LITTLE ROCK, Ark. (AP) — The Little Rock teachers' union backed off its call Monday for teachers to only work virtually because of concerns about the spread of coronavirus in schools after dozens of teachers faced disciplinary action for not showing up for in-person classes.
Little Rock Education Association President Teresa Knapp Gordon said members on Monday night called off its action, which called on teachers to work virtually but not in person.
Sixty-nine teachers face disciplinary action, which includes the possibility of termination, for not showing up to teach classes in person, Superintendent Mike Poore told reporters The 21,000-student, state-run district has about 1,900 teachers. Classes remained open on Monday.
"There will be a form of discipline and that we're working on over the course of the rest of the day," Poore told reporters. Gordon on Monday night said the teachers had received notices of pending disciplinary action.
The Little Rock Education Association, the local teachers' union, had announced its action on Sunday and cited several concerns about the schools since classes resumed Aug. 24, including facilities not being cleaned or disinfected properly and many teachers and students not wearing masks.
"We do believe our buildings are unsafe in the midst of this global pandemic," Gordon told reporters earlier in the day.
Arkansas is requiring its public schools to be open for in-person classes five days a week, though they can also offer virtual or hybrid options. About half of Little Rock's students have chosen the virtual option.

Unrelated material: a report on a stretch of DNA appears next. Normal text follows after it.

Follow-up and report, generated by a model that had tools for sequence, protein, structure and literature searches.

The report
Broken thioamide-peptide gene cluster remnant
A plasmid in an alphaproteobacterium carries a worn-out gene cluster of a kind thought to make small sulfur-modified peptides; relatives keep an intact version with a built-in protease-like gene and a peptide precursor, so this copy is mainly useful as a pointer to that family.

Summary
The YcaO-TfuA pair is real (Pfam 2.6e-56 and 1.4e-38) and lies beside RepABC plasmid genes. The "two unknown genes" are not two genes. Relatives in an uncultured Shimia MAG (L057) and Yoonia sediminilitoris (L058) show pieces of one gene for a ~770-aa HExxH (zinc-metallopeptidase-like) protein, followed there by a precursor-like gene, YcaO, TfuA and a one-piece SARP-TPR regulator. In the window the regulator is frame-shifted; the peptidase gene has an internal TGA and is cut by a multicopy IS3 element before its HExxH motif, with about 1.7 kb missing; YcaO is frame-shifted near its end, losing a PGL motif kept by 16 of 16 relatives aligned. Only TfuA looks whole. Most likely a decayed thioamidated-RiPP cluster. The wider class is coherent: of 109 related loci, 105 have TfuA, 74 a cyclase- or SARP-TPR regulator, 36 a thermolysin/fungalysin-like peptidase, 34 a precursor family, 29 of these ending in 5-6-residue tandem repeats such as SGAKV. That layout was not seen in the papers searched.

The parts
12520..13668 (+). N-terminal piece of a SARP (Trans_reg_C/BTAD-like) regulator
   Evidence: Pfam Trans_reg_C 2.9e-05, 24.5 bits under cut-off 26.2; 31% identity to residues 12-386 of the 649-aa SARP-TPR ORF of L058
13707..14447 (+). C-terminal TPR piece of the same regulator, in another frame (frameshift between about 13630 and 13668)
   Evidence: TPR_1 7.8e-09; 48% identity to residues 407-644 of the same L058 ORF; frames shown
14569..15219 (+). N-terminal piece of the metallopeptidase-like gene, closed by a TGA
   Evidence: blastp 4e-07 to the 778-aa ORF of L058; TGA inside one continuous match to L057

A district spokeswoman said earlier Monday that 150 teachers had called in sick, which Poore said is slightly higher than the 100 to 110 on a typical day. It was unclear whether any of the teachers calling in sick were doing so in response to the union's call to not teach in person.
Arkansas took over the Little Rock district in January 2015 over low test scores at several schools. The state Board of Education last year stripped the Little Rock Education Association of its collective bargaining power.
Arkansas ranks seventh in the country for new cases per capita, according to data compiled by Johns Hopkins University. The state on Monday reported 21 new deaths from COVID-19, the illness caused by the coronavirus, bringing its total fatalities since the pandemic began to 1,329.
The Department of Health said its confirmed cases increased by 786 to 79,521. The state also reported 21 new probable cases. The number of people hospitalized due to COVID-19 increased by 35 to 496.
The state on Monday reported 717 active cases at its public schools, and 490 at its colleges and universities. Little Rock had the second-highest number of active cases in Arkansas, according to the state's list.